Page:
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If you think Sunday’s deadly tornado outbreak was unusual, think again. Turns out it was pretty typical -- the big difference with most previous years is that it took so long in the season to develop.
“I'm not sure we've had a big day for tornadoes yet,” Harold Brooks, a senior researcher at the National Severe Storms Laboratory, told NBC News. Sunday’s outbreak might end up having produced around 15 twisters, he added, “which we see about 10 times per year” on average.
While tragic, even the death toll -– at least 17 fatalities -– was not out of the norm. It was deadlier than any outbreak up to this point last year, but in 2012 twisters had already killed 65 people through mid-April.
The long wait for twisters this year –- 2014 saw the slowest start to the season in possibly a century -- fed the perception that Sunday’s outbreak was unusual.
But, as Brooks noted, “we see outbreaks of this size earlier in the year, about this time, and later in the year. Nothing special about the timing.”
The year got off to a slow start due to unusually cold air coming in via the jet stream last winter and into early spring. That, in turn, blocked warm Gulf of Mexico air from coming in over the central U.S.
In recent days, that warm air has begun to come inland, clashing with relatively cooler jet stream air and creating conditions favorable for twisters.
After the slow start, the season did get its first outbreak, albeit a small one, on Friday in North Carolina. That mini-outbreak was notable on two fronts:
- One of those twisters killed a person –- the first twister fatality of 2014, capping the longest period without a death since at least 1950.
- It produced the first major twister of the year, an EF3 on the EF0-5 Enhanced Fujita Scale.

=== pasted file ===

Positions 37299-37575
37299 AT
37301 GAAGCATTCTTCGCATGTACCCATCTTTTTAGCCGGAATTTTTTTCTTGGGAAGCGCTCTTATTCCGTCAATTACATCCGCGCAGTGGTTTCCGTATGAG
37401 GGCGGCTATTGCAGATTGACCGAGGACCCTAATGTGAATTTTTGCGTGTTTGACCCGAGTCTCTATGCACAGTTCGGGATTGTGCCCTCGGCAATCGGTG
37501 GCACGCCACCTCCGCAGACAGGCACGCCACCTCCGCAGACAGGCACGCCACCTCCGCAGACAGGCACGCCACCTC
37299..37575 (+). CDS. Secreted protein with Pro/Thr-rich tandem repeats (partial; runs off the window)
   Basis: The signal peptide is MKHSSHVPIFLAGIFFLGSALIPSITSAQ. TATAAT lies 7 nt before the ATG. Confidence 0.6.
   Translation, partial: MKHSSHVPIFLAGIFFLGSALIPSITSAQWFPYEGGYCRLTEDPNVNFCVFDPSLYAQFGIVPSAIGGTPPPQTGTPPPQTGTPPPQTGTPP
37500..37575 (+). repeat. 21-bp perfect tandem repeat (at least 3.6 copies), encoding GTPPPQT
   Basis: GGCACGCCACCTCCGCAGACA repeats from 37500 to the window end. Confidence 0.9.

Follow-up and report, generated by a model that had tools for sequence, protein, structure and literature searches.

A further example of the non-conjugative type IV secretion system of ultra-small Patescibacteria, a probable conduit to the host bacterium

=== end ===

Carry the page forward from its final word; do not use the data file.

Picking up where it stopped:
The Weather Channel noted that Friday’s EF3 “marked the latest wait by far for the first such tornado in any year in modern records dating to 1950.”
Those stronger twisters are also the deadliest: Some 83 percent of deaths were from EF3-5 twisters, according to Greg Forbes, the severe weather guru at The Weather Channel. So what to expect ahead?
“I have no expectations for May or June,” Brooks said. “What's happened earlier in the year tells us almost nothing about what will happen later.”
But Brooks also noted that April is typically more active than earlier months and that May and June are “the most active."
“I expect April to come in below average simply because we're so far below average that even a big day today won't catch us up,” he added. “We're probably almost 100 (tornadoes) below normal right now for April. That would require one of the biggest days in history to catch up.”
Forbes, for his part, noted that the record shows major tornadoes, EF3 or greater, are more likely in the coming months. While January to March averaged just over eight major tornadoes between 1950-2012, he said, that jumped to nearly 11 major tornadoes a month in April and May.